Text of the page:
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The design of product-representative test structures for measuring and characterizing CMOS circuit performance, power, and variability at speeds characteristic of present-day microprocessors is described. The current use of this set of test structures in the IBM partially depleted silicon-on-insulator CMOS technologies covers diagnostics in early process development, monitoring mature processes in manufacturing, enabling model-to-hardware correlation, and tracking product performance. The designs focus on measuring high-frequency performance early in the product fabrication cycle while minimizing test and data analysis time. The physical layouts are compact, facilitating placement in the chip. A subset of these test structures can be measured at the first metal level, while more complex designs use three or more metal layers. Most designs are compatible with standard in-line parametric test equipment, although a limited number of bench tests continue to play an important role. Differential measurement techniques are key to many of the test structure designs. Hardware data analysis also relies heavily on differencing schemes for relating MOSFET parameters and associated parasitic components to circuit delays in a self-consistent manner.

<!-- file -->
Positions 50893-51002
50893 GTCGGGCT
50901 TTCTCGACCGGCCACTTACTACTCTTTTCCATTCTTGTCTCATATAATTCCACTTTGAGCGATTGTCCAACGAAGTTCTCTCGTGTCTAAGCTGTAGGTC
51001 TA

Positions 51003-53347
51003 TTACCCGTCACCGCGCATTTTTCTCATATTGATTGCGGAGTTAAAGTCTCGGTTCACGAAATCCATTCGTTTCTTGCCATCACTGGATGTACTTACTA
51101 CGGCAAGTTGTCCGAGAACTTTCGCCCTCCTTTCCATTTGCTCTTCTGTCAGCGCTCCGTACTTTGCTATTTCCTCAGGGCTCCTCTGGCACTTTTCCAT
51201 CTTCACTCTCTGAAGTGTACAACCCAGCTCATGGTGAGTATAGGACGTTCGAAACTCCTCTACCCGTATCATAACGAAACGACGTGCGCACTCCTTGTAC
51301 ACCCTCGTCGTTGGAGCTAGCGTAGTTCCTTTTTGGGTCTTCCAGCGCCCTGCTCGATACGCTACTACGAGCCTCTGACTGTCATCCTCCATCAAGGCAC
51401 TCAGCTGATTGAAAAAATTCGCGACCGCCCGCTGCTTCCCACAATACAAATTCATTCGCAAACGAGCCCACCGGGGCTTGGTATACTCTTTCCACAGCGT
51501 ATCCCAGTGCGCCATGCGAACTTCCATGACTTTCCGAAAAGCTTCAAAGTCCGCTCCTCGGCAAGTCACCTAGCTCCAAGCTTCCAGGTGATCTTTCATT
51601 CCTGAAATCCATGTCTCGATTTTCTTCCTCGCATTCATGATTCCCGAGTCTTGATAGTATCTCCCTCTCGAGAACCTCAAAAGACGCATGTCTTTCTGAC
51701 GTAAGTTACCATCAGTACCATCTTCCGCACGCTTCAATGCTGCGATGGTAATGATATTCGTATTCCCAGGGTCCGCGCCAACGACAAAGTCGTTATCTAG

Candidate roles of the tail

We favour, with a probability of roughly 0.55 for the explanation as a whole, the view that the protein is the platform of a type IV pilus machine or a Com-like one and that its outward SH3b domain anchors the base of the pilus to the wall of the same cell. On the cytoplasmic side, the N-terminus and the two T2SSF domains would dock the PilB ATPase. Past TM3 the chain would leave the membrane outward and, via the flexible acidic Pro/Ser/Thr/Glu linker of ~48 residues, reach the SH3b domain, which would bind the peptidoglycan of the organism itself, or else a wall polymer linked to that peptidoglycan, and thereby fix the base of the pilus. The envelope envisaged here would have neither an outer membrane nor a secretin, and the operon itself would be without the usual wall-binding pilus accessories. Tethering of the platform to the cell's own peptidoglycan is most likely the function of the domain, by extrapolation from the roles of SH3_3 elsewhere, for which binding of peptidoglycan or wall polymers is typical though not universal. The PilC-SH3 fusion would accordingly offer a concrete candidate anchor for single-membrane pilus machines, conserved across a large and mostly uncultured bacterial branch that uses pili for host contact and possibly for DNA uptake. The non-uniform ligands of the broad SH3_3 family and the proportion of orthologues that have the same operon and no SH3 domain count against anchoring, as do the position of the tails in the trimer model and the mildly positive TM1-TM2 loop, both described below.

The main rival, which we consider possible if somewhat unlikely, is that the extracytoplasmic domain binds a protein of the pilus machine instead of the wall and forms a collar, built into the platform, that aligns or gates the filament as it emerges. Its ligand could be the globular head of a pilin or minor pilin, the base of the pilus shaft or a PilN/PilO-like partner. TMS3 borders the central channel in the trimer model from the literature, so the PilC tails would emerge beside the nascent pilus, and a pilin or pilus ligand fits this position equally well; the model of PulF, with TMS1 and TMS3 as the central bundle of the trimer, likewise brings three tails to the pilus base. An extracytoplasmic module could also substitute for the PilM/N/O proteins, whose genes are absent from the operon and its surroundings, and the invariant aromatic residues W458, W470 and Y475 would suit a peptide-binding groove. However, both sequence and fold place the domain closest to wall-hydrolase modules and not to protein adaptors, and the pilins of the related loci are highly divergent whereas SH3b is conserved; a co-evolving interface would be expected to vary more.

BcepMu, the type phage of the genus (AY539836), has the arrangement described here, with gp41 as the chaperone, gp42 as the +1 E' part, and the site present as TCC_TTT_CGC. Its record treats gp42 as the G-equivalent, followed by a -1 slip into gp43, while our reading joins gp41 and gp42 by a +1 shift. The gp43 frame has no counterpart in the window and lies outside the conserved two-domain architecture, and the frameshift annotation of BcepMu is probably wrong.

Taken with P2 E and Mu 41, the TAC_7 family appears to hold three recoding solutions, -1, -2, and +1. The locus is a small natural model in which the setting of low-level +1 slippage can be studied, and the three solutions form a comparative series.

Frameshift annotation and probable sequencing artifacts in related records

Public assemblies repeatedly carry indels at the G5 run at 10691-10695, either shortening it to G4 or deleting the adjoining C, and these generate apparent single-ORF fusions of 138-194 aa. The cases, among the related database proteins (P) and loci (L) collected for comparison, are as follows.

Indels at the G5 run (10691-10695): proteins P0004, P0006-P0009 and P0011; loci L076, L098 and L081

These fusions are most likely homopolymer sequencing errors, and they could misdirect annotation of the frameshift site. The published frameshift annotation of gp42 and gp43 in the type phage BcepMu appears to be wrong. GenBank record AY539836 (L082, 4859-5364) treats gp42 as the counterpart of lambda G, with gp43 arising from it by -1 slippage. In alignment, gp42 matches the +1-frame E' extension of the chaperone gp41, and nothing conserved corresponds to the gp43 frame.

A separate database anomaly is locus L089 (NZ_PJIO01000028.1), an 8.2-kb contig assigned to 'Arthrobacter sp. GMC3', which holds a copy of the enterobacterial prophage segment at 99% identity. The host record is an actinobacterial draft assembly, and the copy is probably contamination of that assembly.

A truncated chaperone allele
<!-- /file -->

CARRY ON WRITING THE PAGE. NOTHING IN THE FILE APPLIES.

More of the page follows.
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Date of Publication: July 2006